The October Issue marked a change in the format of The ABK, with the addition of 4 pages (moving from 44 to 48 pages), all in colour (making 20 pages of colour in the centre compared to the previous 16 pages). It has been decided to continue with the new size for at least the next 12 months.
Some of the extra space will be taken up by colour advertising, but overall the move has been determined by the wish to maintain a healthy balance between the amount of advertising and the amount of article-based content. This is in line with the ‘Mission Statement’ written by WS Pender in 1899, which said (in part) We will endeavour to make the Journal as practical as possible, and with the assistance of beekeepers, will make it a valuable help to all keeping bees. We do not wish it to be our paper, but the beekeepers’ paper, where we hope to see a mutual exchange of thought among beekeepers of Australasia and all get assistance from it.
It is interesting sitting on the side of the written word - the advertising often reflects the beekeeping season. There has recently been a surge in interest from ‘smaller’ honey packers seeking to purchase honey. This might reflect increasing entry into the world of packing; this season it is more a reflection of the lack of availability of honey, and more competition to obtain some of what is available - worrying in that it indicates little honey in stock, and probably not much on the horizon.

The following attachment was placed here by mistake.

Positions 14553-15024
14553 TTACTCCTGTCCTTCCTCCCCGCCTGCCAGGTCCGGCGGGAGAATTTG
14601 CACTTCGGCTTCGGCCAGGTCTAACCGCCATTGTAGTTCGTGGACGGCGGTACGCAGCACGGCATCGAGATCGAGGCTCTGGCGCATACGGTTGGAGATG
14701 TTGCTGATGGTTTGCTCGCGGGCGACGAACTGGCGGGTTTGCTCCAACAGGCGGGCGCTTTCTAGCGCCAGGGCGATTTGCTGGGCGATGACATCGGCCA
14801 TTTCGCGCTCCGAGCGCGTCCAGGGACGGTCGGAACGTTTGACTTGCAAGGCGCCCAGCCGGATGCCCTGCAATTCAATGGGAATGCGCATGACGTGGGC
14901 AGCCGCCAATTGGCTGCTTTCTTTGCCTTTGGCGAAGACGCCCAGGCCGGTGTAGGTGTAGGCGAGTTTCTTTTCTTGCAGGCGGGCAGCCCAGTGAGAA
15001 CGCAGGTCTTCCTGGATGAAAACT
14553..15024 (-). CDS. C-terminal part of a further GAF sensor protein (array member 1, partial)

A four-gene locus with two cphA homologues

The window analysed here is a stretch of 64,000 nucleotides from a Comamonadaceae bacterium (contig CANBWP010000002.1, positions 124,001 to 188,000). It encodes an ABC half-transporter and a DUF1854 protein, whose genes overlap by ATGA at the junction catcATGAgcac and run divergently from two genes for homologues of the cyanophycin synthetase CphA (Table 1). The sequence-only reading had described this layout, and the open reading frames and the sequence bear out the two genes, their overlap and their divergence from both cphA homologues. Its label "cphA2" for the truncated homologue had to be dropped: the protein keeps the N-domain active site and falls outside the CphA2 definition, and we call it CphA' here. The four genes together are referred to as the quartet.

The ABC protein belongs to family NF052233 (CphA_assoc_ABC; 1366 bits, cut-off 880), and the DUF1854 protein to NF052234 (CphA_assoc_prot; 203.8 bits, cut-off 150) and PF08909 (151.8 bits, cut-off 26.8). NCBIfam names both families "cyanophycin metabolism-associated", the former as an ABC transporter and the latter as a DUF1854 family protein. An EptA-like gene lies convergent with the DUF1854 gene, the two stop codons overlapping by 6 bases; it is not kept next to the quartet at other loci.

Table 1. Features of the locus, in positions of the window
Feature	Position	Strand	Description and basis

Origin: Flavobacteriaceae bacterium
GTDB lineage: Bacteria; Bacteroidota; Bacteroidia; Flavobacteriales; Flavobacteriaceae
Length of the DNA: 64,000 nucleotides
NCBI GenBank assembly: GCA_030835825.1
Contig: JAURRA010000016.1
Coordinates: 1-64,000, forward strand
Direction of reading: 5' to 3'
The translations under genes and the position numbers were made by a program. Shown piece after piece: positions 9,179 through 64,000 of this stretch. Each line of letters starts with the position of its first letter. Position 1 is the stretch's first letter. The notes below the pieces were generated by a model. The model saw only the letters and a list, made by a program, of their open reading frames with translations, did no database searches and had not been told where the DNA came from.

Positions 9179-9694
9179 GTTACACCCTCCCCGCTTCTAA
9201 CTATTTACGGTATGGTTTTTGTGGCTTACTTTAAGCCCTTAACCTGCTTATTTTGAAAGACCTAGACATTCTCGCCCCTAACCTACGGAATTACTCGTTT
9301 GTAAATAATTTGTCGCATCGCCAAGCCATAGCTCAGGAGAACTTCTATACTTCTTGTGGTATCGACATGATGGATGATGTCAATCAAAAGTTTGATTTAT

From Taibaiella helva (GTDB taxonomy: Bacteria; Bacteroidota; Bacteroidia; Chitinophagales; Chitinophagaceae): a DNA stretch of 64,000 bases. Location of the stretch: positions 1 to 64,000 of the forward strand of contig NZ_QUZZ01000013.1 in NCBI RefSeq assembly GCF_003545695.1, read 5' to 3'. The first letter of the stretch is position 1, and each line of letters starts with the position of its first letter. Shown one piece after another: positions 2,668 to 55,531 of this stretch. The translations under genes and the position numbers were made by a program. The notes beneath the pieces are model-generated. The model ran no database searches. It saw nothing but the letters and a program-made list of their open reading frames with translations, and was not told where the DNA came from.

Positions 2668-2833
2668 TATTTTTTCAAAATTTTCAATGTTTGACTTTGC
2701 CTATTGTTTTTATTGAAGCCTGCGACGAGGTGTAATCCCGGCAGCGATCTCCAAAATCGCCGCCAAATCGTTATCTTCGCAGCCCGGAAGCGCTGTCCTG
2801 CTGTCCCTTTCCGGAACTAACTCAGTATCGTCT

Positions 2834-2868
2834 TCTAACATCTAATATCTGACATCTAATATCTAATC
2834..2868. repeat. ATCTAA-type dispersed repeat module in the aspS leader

Advertising from queen breeders/producers also varies seasonally, and there has recently been evidence of more beekeepers becoming interested in this area. Raising queens is one of the more fascinating aspects of beekeeping. With the ever-present threat of Varroa entering Australia, the more beekeepers that can be involved in breeding, the better; it is the ability to breed Varroa-tolerant/resistant stocks that will enable our Australian industry to survive with a minimal use of chemicals should Varroa ever make its presence felt.
Author: Des Cannon